How a Malagasy Teenager Created the World’s Second-Largest Dictionary

by Cyrus Multhauf

Visit the home page of Wiktionary — a sister project of Wikipedia which hosts user-generated dictionaries in over six-thousand languages — and you will find something strange. In a chart organizing the various dictionaries by size, two have the distinction of containing over five million entries. The first, at 6.1 million, is the English dictionary. Coming second, at 5.9 million, is the dictionary for the Malagasy language.

To anyone familiar with Malagasy, this should come as a surprise. As Madagascar’s official language, its speakers number around 25 million. About a quarter of the population of Madagascar, an island country off the southeast coast of Africa, is illiterate. Moreover, only 10% of the population has the internet access needed to edit an online encyclopedia. English, on the other hand, has nearly one billion speakers, a large share of whom live in developed countries with generous computer access.

Given this, a serious question looms: how did the Malagasy Wiktionary come to be so large? Glancing at the Wiktionary’s edit history, one can see that virtually all changes and additions are made by bots. And almost all of these bots were created by a single user.

Across the Malagasy Wiktionary – and some related blogs – many users mention one individual, a serial editor by the username of Jagwar. On Jagwar’s own talk page, and on threads related to many of his edits, angry moderators can be seen questioning the volume, provenance, and reliability of his additions to Wiktionary.

If these scattered sources are to be believed, Jagwar is responsible for the vast majority of edits and additions to the Malagasy Wiktionary. Curious, NEEMblog reached out to Jagwar, who was happy to provide a full explanation of how he built a dictionary that is, by some measures, the second-largest ever compiled.

Malagasy, like many indigenous languages in the Global South, has few formal language resources. When Jagwar – born in Madagascar — discovered Wiktionary as a teenager, he saw an opportunity to correct this.

“What motivated me to work on the Malagasy Wiktionary was that in October 2009 — when back from vacation in Madagascar — I found a largely neglected website containing 110 words here and there. Navigation through content was difficult,” Jagwar told NEEMblog. “On the other hand, I had the French and English Wiktionaries which each had more Malagasy words than the entire Malagasy Wiktionary. [That was] the trigger to start working on the Malagasy Wiktionary. In 2009, [I] didn’t know much programming at that time, so I did everything by hand, at least in the beginning.”

Over time, Jagwar’s coding skills grew sharper. With maniacal perseverance, he programmed a cadre of bots to automatically import entries from other online Malagasy dictionaries. This created the largest-ever Malagasy dictionary. And that was only the beginning.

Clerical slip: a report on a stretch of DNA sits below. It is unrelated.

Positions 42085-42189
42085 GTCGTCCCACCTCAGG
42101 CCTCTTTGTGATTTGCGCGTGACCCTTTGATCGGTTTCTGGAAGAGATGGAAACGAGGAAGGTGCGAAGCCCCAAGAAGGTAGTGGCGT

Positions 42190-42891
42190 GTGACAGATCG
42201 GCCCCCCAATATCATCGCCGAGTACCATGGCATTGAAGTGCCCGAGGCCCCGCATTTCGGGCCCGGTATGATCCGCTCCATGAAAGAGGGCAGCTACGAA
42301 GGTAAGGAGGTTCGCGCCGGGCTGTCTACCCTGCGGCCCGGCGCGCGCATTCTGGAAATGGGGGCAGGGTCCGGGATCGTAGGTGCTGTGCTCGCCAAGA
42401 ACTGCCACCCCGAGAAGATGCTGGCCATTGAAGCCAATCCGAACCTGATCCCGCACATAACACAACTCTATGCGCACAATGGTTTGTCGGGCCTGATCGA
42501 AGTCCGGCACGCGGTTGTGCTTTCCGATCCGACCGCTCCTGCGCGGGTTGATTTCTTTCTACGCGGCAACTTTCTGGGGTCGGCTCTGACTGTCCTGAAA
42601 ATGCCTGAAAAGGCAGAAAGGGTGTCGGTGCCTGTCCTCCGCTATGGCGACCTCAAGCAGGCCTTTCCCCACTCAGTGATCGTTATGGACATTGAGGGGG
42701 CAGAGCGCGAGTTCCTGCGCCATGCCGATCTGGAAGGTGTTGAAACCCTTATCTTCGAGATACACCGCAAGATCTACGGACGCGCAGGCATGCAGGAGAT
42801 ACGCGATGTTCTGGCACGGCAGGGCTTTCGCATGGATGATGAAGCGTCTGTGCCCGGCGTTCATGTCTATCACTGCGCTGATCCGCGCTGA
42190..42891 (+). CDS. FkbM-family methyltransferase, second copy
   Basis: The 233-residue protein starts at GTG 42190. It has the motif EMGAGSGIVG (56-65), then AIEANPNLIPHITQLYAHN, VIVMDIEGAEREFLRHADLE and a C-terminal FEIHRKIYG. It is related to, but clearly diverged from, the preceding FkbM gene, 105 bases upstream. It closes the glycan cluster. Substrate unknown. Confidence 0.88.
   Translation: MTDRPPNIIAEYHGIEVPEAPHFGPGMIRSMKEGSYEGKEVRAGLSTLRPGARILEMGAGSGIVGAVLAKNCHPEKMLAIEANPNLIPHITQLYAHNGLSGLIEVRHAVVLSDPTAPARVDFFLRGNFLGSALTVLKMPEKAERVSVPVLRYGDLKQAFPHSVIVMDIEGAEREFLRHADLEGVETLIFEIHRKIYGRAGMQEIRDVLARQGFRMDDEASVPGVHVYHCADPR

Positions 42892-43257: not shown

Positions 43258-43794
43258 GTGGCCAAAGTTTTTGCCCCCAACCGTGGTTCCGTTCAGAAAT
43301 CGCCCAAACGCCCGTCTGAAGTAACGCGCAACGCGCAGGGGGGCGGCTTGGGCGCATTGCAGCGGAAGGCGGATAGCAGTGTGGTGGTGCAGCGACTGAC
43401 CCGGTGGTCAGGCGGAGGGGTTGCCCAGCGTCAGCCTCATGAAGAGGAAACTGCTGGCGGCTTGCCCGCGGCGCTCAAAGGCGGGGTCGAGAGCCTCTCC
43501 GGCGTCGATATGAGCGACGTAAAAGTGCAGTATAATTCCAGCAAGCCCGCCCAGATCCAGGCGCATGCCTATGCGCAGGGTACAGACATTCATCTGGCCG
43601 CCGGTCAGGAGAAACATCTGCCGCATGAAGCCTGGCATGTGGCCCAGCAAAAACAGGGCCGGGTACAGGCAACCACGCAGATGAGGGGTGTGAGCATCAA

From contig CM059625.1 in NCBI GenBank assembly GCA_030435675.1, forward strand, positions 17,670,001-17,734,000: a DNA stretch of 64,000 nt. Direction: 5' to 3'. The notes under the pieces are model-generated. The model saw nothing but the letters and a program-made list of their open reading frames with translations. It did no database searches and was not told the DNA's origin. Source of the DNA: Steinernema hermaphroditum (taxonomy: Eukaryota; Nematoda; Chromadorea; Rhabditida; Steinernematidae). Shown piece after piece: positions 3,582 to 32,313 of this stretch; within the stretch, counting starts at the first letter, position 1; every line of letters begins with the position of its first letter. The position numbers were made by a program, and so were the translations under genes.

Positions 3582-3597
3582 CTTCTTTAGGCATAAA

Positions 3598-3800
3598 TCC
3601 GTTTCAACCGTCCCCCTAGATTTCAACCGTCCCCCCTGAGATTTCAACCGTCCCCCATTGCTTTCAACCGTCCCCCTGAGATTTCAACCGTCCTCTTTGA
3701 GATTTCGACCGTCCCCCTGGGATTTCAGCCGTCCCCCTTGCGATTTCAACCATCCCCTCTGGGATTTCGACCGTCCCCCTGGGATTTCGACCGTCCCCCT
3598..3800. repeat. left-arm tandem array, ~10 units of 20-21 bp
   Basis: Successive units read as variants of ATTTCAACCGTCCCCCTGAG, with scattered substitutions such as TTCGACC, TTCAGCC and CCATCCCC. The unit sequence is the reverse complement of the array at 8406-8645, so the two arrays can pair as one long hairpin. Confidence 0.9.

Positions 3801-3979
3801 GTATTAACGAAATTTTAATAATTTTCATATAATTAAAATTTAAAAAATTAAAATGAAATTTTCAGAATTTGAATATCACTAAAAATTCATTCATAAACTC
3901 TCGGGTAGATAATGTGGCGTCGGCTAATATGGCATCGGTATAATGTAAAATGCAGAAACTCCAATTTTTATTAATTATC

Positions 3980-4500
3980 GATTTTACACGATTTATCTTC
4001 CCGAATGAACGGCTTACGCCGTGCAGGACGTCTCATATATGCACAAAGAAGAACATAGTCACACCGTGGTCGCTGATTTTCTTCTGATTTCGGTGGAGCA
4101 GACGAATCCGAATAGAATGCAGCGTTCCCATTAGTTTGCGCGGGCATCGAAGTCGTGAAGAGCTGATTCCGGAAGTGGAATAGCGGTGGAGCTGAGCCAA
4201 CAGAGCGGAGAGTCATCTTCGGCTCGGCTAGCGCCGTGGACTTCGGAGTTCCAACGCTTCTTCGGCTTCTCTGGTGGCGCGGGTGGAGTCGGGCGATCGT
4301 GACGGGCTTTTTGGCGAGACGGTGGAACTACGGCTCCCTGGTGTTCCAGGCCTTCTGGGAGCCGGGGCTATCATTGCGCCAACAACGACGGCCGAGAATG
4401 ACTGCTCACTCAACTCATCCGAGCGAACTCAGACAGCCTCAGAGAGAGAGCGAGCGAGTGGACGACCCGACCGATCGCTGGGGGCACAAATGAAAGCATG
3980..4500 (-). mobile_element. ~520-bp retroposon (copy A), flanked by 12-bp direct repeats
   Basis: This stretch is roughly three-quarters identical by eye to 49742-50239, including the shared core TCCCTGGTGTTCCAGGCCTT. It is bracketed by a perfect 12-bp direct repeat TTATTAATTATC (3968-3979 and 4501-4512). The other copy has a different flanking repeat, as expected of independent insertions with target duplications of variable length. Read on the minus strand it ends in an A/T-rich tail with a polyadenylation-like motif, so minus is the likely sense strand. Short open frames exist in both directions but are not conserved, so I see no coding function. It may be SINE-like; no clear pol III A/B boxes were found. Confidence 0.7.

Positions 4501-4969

Each of Wiktionary’s constituent dictionaries contain words not in that dictionary’s language. The English dictionary will have Spanish words defined in English, for example. By creating bots to locate Malagasy words in other Wiktionaries and automatically translate them back into Malagasy’s share of the website, Jagwar expanded the number of entries into the millions.

It was not easy. Like many digital-era disruptors, he was often on the receiving end of copyright notices. Angry emails berated him for ignoring the website’s standards of quality. But after much persistence and a few improvements to his bots, most of Jagwar’s work was accepted by Wiktionary’s community of editors, and his contributions stood.

Dictionaries are often subject to fierce debate. The academic authorities that compile traditional English-language lexicons like the Oxford English Dictionary are routinely described as snobby prescriptivists, referring to a view that maintains strict boundaries between correct and incorrect usage in language. But in recent years, mainstream dictionaries have taken a more descriptivist stance. Last year, the OED welcomed the term “whatevs” into its pantheon of words.

Accompanying — and perhaps encouraging — these recent changes has been a deluge of online dictionaries. Websites like Urban Dictionary and Wiktionary put an authority once reserved for the educated elite into the hands of ordinary computer-users. As a result, online dictionaries tend to have broad mandates. The English Wiktionary hosts slang, acronyms, technical terms, and words from other languages. If a word fits under the website’s generous “common use” policy, it is included.

Linguistic purists will be skeptical of this laissez-faire attitude. Just as fake news is accused of warping the judgement of voters across the globe, so could lazily-constructed dictionaries poison the quality of writing and literature. But for people like Jagwar, new rules present new opportunities. Loose guidelines enabled him to create a valuable tool, one that will assist countless writers, teachers, and language-learners now and into the future.

As Madagascar’s population becomes more educated, more people will enter jobs requiring precise speaking and writing, such as lawyering, consultancy, and journalism. Logging on to Wiktionary for a quick reference, they may offer its obscure creator a word or two of thanks.

Cyrus Multhauf is an itinerant wannabe journalist currently investigating political selfies, the 1975 Australian constitutional crisis (google it), and the best way to eat a mango. If you have a job, please give it to him, as he is likely to fall into a life of petty crime without gainful employment.

You can find him on Twitter: @cwmulth, Instagram: cy_clops_, and on his website:

If you would like to submit your own article, email a final draft to neememes [at] gmail [dot] com


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